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It is commonly thought that the results of inversions are unique to the model they are calculated in. This is because there are many complexities in ice flow modelling, and different choices are made in different models which can impact the outputs. There are dozens of different ice flow models used in our field of study, and it would be useful to know whether values calculated from inversion in one model are valid in others.

Across the PROPHET project, three models are being used. The modelling group here at Northumbria uses Úa, while our collaborators at other universities use models called STREAMICE and ISSM. All of these use inversion to calculate distributions of basal friction and the flow rate factor which represents internal ice properties in the equations. We are investigating the differences between the inversion processes, and whether the values calculated can be transferred between models for forward runs. This will depend on the extent to which the inversion outputs represent the underlying physics in the model equations, and how much they are affected by the individual numerical behaviour of the models.

Additionally, we are investigating the level of correlation between our inversion outputs and observations of reflectivity under ice derived from airborne radar measurements.

Among the equations which models use to calculate ice flow is the sliding law. This describes the relationship between velocity and basal stress, and contains the basal friction coefficient which is calculated by inversions.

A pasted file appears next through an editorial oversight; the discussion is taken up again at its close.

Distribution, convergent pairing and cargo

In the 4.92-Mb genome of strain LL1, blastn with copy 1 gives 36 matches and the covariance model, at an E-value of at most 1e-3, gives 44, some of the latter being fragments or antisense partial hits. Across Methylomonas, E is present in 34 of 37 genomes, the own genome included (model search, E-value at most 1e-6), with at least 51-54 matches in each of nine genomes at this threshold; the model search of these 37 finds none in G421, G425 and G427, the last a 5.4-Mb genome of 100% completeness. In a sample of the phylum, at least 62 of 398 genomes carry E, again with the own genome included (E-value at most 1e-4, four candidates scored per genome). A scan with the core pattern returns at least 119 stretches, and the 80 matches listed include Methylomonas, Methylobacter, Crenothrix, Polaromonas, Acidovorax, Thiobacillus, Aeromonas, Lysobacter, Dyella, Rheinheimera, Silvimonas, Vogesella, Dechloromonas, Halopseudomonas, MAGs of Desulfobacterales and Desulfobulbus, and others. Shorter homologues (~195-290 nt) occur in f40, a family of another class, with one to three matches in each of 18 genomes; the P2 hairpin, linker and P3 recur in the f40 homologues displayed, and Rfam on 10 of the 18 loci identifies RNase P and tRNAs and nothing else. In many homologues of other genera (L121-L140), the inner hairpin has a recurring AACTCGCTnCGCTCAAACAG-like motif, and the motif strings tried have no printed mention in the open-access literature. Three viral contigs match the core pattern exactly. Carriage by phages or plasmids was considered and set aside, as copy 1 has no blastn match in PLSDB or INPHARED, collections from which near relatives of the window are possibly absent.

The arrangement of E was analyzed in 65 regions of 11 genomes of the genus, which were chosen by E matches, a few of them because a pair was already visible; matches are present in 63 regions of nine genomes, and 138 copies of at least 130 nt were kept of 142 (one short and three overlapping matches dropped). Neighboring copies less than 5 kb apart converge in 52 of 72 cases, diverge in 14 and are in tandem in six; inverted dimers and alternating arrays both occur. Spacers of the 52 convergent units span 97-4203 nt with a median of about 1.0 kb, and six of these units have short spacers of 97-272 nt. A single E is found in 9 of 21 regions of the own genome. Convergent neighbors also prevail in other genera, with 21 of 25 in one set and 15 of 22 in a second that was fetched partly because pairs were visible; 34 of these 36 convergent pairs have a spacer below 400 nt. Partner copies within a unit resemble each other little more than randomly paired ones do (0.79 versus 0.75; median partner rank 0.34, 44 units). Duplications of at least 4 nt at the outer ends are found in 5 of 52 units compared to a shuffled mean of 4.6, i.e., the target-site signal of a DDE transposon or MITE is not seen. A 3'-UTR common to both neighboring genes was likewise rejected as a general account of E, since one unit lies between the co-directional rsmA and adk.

There are several sliding laws which can be chosen, and the modelling community has not agreed upon which performs best. We are investigating the differences between model outputs, both inversions and forward runs, using different sliding laws. We hope to analyse the effects that each of these sliding laws has on ice flow, particularly how they each respond to changes in melt rates.

There are several processes from outside the ice sheet system which have an effect on Thwaites glacier, particularly where it meets the ocean. We call these external drivers of change.

We are running experiments to determine which of the external drivers have the greatest influence on the glacier. We are investigating the impacts of processes such as calving, ice shelf thinning rates and grounding line movement.

As described above, coupled modelling often produces the most realistic melt rates for an ice shelf. However, the process of coupling is far more computationally expensive and time-consuming. For many applications it is more useful to use a melt rate parameterisation, a simpler mathematical equation which can be directly included within an ice flow model.

As with many aspects of modelling, there are several options. We are using a parameterisation based on a plume model which calculates melt rates from information about the base of the ice shelf and depth profiles of ocean temperature and salinity. We are also investigating the potential of machine learning in predicting melt rates

Ice flow models rely on several input parameters which can introduce uncertainty into the outputs. We are working to quantify the uncertainty introduced by many of these parameters by using a surrogate model - a simplified version of the full model - to test thousands of combinations and see which produce results closest to those observed over the last few decades.

The results of this work will allow us to pick the best possible combinations of model inputs to improve our future predictions of how Thwaites will affect sea levels.

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